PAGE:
world; they by their ease and vices became slaves of their 

One more quotation will sufHce. It is brief, but it 
reveals the man clearly: "I thank God I never under- 
tooke anything yet [wherein] any could tax me of care- 
lessnesse or dishonesty." 

And yet this brave and honorable soldier has been 
charged with braggadocio and falsehood by certain 
historical sceptics. Of this we do not complain. His- 
torical scepticism is wholesome and even necessary, 
and we only ask due attention to the facts. The sub- 
stantial points in his narratives that have been chal- 
lenged are two. He states that during the campaign in 


Transylvania he slew three Turkish champions and cut 
off their heads. Had he told of meeting them all at the 
same time one might indeed feel astonished; but the 
combats occurred on different days, and he gives a con- 
siderable part of the glory to his horse. In view of 
his well-attested valor and skill there is nothing improb- 
able in the account, and the evidence in support of it is 
conclusive. For one thing, he named three islands off 
Cape Ann the Three Turks' Heads long before he pub- 
lished an account of his exploit; and for another, 
Sigismund Bdthori, Duke of Transylvania, granted him, 
in a document of which we have the text, the right to 
use three Turks' heads as his arms on the express ground 
of the achievement in question. This grant, moreover, 
was duly recorded at the Heralds' College in London, and 
we have the precise language of the entry. Proof 
more satisfactory there could not be. 

The second accusation rests essentially upon the fact 
that his being rescued by Pocahontas, mentioned by him 
in his Generall Historic of Virginia, dated 1624, was not 
alluded to in his True Relation written sixteen years 
earlier. Now, the latter document was a letter hastily 
written for particular purposes while a ship was preparing 
to set sail, and the author had a perfect right to mention 
or omit whatever he chose. This is not all, however. 
The True Relation was published, as we have it, by an 
anonymous editor, who obtained it somehow at second 
or third hand, and admitted in the preface that he did 
not print the whole of it. Under such circumstances the 
non-appearance of the Pocahontas episode in this paper 
cannot be considered evidence of any weight against a 
carefully prepared historical narrative published by the 
author himself. 

Something more, too, is worth saying. Captain 
Smith never laid any stress upon the Pocahontas 


affair. He gave it only a few lines when he did recount 
it. Doubtless he regarded it as merely one incident in 
the day's work, one hazard in a Hfe made up of perils; 
and other good reasons could be suggested for his omit- 
ting it, if he really did omit it, from the True Relation. 
Enemies of his who were in a position to know the facts 
never questioned the story. Without it Smith's ex- 
traordinary release from the Indians, who killed his 
companions without mercy, is inexplicable. Inexpli- 
cable also is Powhatan's despatching this young girl as 
ambassador to Smith to obtain the freedom of Indian 
prisoners ; and other undoubted events would be equally 
hard to explain. In short, no serious difficulty is con- 
nected with the story, while to reject it would involve 
us in several deep embarrassments. 

Curiously enough, when honest but imperfectly in-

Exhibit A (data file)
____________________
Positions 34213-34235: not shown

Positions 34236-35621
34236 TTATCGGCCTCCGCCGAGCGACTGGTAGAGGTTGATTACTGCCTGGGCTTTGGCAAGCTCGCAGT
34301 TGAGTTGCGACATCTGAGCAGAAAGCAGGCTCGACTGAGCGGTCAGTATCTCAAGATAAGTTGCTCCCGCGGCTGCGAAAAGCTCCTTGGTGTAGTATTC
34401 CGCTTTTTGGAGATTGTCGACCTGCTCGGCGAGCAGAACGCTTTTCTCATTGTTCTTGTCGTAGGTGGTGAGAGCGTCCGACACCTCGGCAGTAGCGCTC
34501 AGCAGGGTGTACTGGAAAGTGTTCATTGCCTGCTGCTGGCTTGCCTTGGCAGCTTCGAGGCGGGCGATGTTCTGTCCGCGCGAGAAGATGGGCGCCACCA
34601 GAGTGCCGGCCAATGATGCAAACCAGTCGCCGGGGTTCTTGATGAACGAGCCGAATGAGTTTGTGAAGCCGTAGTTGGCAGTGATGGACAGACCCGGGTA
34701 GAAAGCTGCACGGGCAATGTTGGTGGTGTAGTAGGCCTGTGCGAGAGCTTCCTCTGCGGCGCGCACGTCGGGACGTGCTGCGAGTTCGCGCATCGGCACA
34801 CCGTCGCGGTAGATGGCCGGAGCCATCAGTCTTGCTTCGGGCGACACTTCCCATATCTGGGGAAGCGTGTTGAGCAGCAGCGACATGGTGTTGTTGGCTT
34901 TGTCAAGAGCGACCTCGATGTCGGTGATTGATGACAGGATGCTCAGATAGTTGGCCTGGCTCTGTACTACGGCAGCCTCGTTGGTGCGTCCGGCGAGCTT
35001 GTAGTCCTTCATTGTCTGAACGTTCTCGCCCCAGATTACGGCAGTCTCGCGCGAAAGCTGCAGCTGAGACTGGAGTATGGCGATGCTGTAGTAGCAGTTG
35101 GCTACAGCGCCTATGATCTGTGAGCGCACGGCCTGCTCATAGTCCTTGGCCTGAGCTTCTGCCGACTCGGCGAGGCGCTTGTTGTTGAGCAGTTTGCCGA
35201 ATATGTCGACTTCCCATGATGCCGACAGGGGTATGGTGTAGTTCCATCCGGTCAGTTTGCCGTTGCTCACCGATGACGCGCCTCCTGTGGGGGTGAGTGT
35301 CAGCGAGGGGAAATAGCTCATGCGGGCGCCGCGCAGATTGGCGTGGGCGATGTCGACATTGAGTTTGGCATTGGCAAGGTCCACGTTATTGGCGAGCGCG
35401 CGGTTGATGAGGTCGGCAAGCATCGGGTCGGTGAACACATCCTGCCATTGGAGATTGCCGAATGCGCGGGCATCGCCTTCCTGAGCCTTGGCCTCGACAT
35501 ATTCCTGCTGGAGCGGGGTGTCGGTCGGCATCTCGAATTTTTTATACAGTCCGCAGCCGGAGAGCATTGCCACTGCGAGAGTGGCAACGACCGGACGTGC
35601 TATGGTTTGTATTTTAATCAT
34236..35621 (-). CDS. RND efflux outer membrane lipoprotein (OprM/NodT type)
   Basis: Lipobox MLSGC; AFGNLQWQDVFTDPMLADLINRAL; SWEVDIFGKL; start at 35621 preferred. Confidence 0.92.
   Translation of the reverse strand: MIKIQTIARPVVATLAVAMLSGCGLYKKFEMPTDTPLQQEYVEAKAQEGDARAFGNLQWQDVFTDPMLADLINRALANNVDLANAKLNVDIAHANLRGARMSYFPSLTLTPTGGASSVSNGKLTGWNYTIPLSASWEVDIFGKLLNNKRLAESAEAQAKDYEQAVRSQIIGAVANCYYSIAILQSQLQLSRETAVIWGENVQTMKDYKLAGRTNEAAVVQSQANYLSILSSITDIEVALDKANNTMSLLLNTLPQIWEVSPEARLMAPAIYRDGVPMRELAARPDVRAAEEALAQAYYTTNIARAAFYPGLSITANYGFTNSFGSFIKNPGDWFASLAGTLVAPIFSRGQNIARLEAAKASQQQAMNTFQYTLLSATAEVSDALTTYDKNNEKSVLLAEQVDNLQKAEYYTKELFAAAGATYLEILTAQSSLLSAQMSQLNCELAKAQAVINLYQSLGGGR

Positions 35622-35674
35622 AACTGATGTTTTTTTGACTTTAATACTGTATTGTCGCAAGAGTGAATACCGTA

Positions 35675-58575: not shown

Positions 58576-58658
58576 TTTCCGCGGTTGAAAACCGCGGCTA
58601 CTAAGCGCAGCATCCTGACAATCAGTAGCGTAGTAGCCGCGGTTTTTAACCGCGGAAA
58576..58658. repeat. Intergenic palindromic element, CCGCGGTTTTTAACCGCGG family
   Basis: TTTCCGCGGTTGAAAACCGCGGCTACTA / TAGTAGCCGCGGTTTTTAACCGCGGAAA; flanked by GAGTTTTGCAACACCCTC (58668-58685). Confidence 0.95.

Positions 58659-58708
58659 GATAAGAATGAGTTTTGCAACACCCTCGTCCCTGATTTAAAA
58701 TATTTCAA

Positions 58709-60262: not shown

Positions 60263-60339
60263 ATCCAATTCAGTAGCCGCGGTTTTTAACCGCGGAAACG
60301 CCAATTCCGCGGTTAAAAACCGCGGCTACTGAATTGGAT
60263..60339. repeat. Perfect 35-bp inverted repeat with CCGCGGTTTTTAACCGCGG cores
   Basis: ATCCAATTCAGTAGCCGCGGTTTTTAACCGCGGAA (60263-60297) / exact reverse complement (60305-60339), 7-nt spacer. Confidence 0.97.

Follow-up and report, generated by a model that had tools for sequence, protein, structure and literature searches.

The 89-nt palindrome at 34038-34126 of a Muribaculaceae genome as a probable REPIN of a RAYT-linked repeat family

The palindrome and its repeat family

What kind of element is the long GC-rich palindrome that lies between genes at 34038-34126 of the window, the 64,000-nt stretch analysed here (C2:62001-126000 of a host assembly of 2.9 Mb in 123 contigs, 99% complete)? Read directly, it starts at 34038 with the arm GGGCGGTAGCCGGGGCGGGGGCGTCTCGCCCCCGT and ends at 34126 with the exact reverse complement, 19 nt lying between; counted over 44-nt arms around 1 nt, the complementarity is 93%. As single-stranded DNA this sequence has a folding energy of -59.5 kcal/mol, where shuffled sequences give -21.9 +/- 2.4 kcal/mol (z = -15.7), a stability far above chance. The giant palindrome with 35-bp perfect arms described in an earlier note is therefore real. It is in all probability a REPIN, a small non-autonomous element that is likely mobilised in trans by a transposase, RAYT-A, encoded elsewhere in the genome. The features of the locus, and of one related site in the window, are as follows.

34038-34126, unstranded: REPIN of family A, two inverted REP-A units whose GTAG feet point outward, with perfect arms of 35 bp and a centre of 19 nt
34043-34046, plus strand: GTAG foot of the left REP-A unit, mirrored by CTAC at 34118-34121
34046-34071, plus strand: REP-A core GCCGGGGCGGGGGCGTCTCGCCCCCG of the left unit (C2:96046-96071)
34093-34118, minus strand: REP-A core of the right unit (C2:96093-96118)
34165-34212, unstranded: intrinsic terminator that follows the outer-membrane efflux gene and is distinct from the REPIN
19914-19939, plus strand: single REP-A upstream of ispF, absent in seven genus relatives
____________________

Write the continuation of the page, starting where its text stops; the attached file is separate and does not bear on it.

formed scholarship had thus laid a mistaken foundation 
for impeaching Captain Smith's veracity, ill fortune 
cast him into the hands of an amiable but unreflecting 
humorist, who indulged himself and his readers with 
thoughtless witticisms at the Captain's expense. In 
Holland, we are told, for example, "He hacked and hewed 
away at his fellow men, all in the way of business, for 
three or four years." This not only ignores the fact 
that in Smith's day fighting was considered the noblest 
of occupations, but overlooks his repentance for having 
slain fellow-Christians, and his determination — carried 
out at immense expense to himself — to use his arms 
against the enemies of our religion and civilization. In 
this respect he stood head and shoulders above his time. 

The Captain mentioned a nobleman whom he named 
Mercury; and this, our humorist says, has "given a 
mythological air to Smith's narration, and aided to 
transfer it to the region of romance." But this noble- 
man has been found to be Philippe de Lorraine, Duke of 


Mercoeur; and "Mercury" was simply an attempt to 
anglicize the name. In like manner it is hinted that 
an enemy called "Bonny Mulgro" was a creature of the 
imagination; but this enemy was a Turk, and the best 
that our author could do was to spell the name as no 
doubt it sounded. Referring to the account of the 
Three Turks the critic says, "We approach it with the 
satisfaction of knowing that it loses nothing in Smith's 
narration. In point of fact, however, the account 
was taken by the Captain from an Italian author trans- 
lated by Samuel Purchas." "Our hero never stirs with- 
out encountering a romantic adventure," says the ami- 
able humorist, because for one reason or another Smith 
was aided on a few occasions by persons of the other sex. 
The suggestion is that he was always on the lookout for 
romantic adventures ; but, had he been, so brave and well- 
favored a soldier, with such thrilling tales to tell, could 
have had more of them in one season at London than he 
seems to have encountered in his life. The swamps of 
Virginia and the rock-bound coast of New England were 
not promising places for such a quest. His description 
of the Crim-Tatars, we are assured, "belongs to the 
marvels of Mandeville and other wide-eyed travellers"; 
but a writer in the latest edition of the Encyclopaedia 
Britannica states that it was careful and accurate. "We 
know nothing of his habits, " the critic continues, plainly